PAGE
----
If you watched the 2013 Sebring 12 Hour race, you already know that Corvette won. If you didn’t watch the 2013 Sebring 12 Hour race, the vibrant, yellow Corvettes with the brutal and grunty V8 engines won the 61st edition of the 12 hour endurance race held in Florida every year. However, if you watched the race, you also know that in order to win, Corvette Racing had to endure some nerve-wrecking technical difficulties rather early on in the event that forced the #3 Corvette Racing car to retire. Luckily, the #4 team was able to look past the problems of their sister car and provide an exhilarating final few hours on their march to victory while ‘Vette Racing lovers slowly but surely recovered from their mini heart attacks.
It also, however, caused me to think a bit about the growing change in the complexity of racing cars. And unfortunately, not all teams have been able to overcome non-driver-error technical difficulties like Corvette Racing did, resulting in disappointment among the team’s fans and racing lovers alike (let alone the team itself). With that being said, I asked myself: ‘Is there too much technology in today’s racing cars?’
Now, I perfectly understand the advantages of technologically advanced racing cars. First and foremost, safety is optimal, as drivers nowadays often tend to walk away from horrific crashes. Second, performance is as a racecar’s performance should be, leagues ahead of the regular cars or road-going versions. However, there’s always one downside to technology that practically everyone who’s ever owned a technological device has experienced: failure. And that’s exactly what Corvette Racing experienced on Saturday afternoon.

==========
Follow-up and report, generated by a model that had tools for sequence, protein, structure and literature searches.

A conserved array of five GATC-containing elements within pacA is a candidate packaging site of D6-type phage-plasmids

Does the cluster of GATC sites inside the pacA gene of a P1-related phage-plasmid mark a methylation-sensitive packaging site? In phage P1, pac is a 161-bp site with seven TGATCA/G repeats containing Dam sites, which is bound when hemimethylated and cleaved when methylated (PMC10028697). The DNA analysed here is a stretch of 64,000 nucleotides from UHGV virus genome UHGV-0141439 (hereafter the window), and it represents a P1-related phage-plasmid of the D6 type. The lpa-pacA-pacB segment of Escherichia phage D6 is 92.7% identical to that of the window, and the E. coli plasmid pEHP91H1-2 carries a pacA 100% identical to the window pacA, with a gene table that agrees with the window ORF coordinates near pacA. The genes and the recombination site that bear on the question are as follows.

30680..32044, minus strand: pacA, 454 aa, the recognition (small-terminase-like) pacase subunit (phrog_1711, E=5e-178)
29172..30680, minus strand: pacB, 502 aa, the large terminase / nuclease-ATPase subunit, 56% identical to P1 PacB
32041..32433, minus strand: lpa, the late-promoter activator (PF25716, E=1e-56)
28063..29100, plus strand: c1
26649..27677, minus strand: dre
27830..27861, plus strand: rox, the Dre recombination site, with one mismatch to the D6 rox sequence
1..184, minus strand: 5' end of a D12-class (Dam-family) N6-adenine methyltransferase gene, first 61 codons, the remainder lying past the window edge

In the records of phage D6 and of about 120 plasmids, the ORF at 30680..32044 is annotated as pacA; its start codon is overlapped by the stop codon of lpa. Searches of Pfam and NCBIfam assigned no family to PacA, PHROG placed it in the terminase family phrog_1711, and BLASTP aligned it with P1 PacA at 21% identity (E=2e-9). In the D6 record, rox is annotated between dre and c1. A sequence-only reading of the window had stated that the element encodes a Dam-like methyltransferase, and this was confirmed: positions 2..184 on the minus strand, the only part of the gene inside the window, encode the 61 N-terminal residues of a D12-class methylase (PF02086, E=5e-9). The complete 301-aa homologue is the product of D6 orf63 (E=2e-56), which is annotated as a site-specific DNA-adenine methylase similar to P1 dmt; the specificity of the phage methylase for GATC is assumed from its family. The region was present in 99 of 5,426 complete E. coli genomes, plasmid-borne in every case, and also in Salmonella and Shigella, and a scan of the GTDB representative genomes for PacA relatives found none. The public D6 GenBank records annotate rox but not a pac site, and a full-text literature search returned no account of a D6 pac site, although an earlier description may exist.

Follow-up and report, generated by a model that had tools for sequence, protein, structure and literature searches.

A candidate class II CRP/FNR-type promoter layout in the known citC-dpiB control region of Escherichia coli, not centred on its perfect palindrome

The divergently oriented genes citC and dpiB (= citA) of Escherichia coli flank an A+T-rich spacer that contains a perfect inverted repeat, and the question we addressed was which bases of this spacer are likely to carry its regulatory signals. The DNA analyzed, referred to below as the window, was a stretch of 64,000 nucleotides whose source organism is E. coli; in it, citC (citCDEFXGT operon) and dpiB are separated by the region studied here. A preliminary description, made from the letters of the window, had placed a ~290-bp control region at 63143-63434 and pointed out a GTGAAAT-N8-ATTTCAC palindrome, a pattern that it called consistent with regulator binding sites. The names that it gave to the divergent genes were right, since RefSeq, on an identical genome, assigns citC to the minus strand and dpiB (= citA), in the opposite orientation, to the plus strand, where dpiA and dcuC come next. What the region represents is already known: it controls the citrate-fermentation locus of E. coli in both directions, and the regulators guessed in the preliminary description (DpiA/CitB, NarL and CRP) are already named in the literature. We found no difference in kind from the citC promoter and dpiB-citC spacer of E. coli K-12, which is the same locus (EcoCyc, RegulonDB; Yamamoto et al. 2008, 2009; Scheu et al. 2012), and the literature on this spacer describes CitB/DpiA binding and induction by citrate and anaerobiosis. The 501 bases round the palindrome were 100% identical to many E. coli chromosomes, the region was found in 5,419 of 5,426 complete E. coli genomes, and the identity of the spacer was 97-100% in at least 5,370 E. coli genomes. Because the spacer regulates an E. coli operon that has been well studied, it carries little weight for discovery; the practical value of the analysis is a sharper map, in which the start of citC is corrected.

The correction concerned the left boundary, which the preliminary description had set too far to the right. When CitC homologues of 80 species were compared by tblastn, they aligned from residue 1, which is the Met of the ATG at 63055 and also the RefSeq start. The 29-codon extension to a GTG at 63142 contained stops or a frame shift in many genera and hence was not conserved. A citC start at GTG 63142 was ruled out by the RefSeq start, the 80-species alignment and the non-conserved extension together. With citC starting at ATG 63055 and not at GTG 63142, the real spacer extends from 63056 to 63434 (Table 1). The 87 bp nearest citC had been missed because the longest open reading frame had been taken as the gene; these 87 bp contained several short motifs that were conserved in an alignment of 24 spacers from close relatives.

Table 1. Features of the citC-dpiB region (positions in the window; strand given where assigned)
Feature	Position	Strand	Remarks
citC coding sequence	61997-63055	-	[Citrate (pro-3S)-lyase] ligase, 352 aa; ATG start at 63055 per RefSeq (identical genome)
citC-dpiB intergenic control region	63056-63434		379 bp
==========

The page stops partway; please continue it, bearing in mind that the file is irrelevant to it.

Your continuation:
In the earlier hours of the Sebring 12 hour race, the #3 car, driven by Antonio Garcia, Jan Magnussen, and Jordan Taylor, retired with from the endurance event with an overheating gearbox. While that was what knocked them out of the race, that was more of a final blow to the numerous other problems of the day. At a certain point in the race, the car’s electronic dashboard – the information center of the car that features the rev counter and numbered gear – went black. The driver was neither aware of how fast he was going nor was he aware of which number gear the car was in, vital bits of information when racing.